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Universal Oreo

oreo-full

While my little girl plays in the playground after school, Raven, a very charming playground dad, flashes me the whites of his Oreo cookie, cheekily. “Don’t worry” he smiles, “you can’t be allergic to these, there’s nothing real in them.”

 

He’s teasing me because I’ve started a strict elimination diet to figure out what the heck I’m allergic to.

 

http://www.precisionnutrition.com/elimination-diet

 

Never in my life have I been allergic to anything. I am as healthy as a horse. All of a sudden, one day, I’m chronically itchy all over my body. It’s lasted for three years. Even my eyeballs get itchy. And you know, itchy eventually means bitchy, so it’s about time I deal with it.

 

My former flame calls this the “Forty year old woman disease.” Apparently he knows a lot of women who turn forty and suddenly have a host of new allergies. He was annoyingly much younger than me, with his stylish Campers, his smug Americano and his long glorious grasshopper thighs. And as I discovered, he did, indeed, know many women in their forties. At the same time. I immediately gained an allergy to him. But I digress.

 

So, yes, I have forty-year old woman disease. The upside is: a forty year old woman has the power to resist an Oreo. Pshaw! Be gone hydrogenated vegetable oil! I am fully aware of my mortality.

 

Fusaylah is munching the rest of her Oreo with no care in the world while watching her little girl, Shiya, whip around on the monkey bars. We have the two tallest girls in grade three. My little monkey is all ringlets and legs, barking out the rules of the game (only child). Shiya has a dark beauty that’s almost broody because her bow lips make a perfect pout. Big brown eyes. Sometimes she wears her sari to school with admired jeweled slippers. Nora and Shiya are the best of friends and have many dramas and many forgiveness’s.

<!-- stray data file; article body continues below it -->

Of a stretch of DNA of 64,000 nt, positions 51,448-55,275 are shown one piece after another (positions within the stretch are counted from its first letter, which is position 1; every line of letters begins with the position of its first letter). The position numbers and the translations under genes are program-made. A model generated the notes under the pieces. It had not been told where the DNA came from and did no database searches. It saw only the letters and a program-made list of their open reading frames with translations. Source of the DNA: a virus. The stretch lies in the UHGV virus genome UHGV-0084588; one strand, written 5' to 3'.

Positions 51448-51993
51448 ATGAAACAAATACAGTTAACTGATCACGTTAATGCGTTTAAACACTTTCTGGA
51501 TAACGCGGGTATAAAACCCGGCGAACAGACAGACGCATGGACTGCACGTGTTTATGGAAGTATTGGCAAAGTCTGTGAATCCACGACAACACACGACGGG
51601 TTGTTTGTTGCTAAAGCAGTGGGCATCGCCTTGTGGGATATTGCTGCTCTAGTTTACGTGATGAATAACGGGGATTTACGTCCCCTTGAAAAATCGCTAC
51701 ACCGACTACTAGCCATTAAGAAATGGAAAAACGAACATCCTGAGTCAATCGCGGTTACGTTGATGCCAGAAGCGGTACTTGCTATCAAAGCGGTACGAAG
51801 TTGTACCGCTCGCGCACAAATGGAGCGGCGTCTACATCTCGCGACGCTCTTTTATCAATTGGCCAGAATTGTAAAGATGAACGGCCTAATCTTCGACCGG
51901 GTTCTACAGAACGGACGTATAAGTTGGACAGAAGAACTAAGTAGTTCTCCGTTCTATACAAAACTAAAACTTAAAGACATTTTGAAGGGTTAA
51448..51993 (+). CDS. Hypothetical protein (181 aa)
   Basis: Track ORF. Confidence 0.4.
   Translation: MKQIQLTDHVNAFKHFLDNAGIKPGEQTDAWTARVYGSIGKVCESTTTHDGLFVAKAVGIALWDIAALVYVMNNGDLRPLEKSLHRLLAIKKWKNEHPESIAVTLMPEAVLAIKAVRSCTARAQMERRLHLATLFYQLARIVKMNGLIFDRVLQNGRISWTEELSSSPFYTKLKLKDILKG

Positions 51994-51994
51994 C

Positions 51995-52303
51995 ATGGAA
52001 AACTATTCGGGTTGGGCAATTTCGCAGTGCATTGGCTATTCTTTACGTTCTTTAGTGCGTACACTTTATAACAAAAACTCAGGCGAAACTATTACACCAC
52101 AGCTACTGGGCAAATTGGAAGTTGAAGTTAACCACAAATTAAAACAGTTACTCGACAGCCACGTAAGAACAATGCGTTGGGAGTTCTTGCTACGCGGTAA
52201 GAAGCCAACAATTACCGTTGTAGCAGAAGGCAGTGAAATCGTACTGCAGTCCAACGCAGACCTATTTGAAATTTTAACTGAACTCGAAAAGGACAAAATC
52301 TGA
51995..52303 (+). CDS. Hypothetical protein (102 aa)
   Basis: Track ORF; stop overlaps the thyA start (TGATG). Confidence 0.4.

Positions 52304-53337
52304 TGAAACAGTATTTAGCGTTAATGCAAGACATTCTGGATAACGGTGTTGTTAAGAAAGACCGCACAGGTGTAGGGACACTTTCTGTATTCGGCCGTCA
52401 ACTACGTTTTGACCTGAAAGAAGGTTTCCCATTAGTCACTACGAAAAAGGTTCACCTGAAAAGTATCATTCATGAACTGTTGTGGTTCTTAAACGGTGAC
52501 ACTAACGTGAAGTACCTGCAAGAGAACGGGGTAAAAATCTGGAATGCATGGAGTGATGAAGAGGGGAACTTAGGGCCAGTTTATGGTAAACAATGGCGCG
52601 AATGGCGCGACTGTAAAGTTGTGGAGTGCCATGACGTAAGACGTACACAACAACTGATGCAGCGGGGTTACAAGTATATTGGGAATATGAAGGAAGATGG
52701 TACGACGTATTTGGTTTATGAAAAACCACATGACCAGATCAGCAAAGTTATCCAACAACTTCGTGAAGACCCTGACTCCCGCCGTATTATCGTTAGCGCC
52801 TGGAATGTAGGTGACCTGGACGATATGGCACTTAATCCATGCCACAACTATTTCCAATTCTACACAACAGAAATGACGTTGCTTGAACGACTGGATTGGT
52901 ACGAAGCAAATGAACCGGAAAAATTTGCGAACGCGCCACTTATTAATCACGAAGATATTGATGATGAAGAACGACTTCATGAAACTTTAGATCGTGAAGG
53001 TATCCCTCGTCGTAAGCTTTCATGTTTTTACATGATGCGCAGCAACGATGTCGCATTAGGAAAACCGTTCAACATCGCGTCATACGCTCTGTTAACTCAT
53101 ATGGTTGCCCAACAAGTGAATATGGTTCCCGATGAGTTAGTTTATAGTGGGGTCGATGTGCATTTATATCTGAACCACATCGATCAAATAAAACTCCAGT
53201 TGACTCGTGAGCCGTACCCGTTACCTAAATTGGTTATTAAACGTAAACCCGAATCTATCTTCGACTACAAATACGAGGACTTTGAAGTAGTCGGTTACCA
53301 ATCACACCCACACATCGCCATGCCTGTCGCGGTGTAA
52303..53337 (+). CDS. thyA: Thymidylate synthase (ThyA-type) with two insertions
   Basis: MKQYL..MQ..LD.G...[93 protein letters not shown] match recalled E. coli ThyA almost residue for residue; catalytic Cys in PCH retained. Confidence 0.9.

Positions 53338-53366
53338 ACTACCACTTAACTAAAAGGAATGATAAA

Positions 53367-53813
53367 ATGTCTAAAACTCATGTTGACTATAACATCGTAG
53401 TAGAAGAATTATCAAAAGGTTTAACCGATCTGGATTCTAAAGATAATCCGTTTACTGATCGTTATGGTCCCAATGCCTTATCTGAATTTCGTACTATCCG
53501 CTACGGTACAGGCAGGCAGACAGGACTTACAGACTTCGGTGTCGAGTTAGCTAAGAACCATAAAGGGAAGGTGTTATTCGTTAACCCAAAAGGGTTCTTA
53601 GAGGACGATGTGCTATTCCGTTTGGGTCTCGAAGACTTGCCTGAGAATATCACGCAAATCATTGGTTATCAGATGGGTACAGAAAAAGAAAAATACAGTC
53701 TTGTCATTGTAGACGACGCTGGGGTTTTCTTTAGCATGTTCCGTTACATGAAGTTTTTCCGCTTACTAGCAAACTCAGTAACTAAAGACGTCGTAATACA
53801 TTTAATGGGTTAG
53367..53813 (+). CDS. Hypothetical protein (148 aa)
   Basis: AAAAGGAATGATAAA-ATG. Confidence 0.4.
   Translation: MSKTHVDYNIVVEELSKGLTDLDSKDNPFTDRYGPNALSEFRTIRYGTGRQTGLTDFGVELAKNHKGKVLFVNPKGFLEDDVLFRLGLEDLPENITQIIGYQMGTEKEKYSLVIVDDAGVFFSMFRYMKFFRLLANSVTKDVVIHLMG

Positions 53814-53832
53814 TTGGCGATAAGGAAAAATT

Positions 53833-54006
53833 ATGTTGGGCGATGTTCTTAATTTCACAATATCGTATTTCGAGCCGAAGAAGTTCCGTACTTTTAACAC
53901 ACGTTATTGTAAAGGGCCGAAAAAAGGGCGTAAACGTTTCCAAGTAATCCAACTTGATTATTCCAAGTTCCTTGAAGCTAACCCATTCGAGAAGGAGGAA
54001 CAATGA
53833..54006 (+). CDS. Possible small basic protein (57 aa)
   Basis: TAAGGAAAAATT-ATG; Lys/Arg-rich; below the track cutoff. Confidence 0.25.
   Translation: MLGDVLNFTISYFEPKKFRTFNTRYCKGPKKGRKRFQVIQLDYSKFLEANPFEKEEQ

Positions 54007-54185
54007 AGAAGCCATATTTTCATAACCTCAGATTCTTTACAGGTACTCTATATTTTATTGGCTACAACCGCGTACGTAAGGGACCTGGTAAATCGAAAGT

Shiya gets her looks from her mother. Fusaylah is a green eyed beauty from Kashmir and her eyebrows are always perfect. She tells me Shiya only has a few more months before she turns nine and starts to wear the hijab.

 

What?! Fusaylah does not wear a head covering. Why would she make her daughter?

 

I can feel my face take a shape beyond my control. I knew it was turning into the same withdrawing squint that a local theatre critic, Colin Thomas, gave me during an interview when he scoffed, “Lucia, why are you still a Christian?”

 

I just don’t understand. Her daughter Shiya has thick glossy chestnut hair. Why cover that beauty? She’s a child. She should run free. All I can manage to say is, “that will be hot on the playground.” And Fusaylah tells me, “No, actually, it protects her from the sun. She doesn’t have to feel peer pressure to have the right hair-style, the right cut. It’s a great relief. Shiya is doing it because she believes. She desires to please her Lord. And who am I to share my cynicism with her? I am not a model Muslim.”

 

It never dawned on me that the little girl would choose this. Right at this moment, Shiya runs up and explains she’s excited to start wearing it, and she must never take it off in public. She is flushed with pride and something else: a sense of dignity.

 

I am very much of the mind that God has many names. Fusaylah and I have spiritual conversations all the time and constantly assure each other we’re fine with what the other believes.

 

But the feminist in me has a hard time with many religious teachings in Christianity and Islam that subjugate women.

 

“Honestly Fusaylah, men will always look at women whether they only have their eyes exposed or they are wearing a bikini. They’ll always want to know what’s under that clothing.” She chuckles. “This is true” she says. “It’s not just about men. It’s about devotion. We try to do the right thing. Humanity is destroying the earth and the human race is dying…”

 

Sometimes when English is not the first language it is difficult for me to follow the jumps in logic.

 

We stare out at the glorious autumn gold maples surrounding the playground. They drop their leaves on screeching laughing running children.

 

I say, “I believe prayer is the art of living sensually. Really paying attention to what we see, smell, taste-” she finishes the thought, ” feel, listen to. Yes. I believe that also.”

 

“I’m so happy when I just stop to say thank you. The weather is so gorgeous today.”

 

“Yes”.

 

“I think the Buddhists call this being mindful.”

 

We chuckle, sharing the joke.

 

Fusaylah, “Maybe together we can save ourselves. Who knows.”

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4 comments

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  1. Leah

    i’m in heaven, a blog from Lucia complete with a daily story and even recipes!!!! this is almost as good as having you in town… almost.

    1. Lucia Frangione

      Thank you, lovely Leah! I miss having a cuppa with you! xo

  2. Kathleen Klassen

    Beautiful. Finally, a daily treat that isn’t chocolate but I love just as much.

    1. Lucia Frangione

      ooh! so happy to see some of my favourite people here! Thank you, Kathleen! xo

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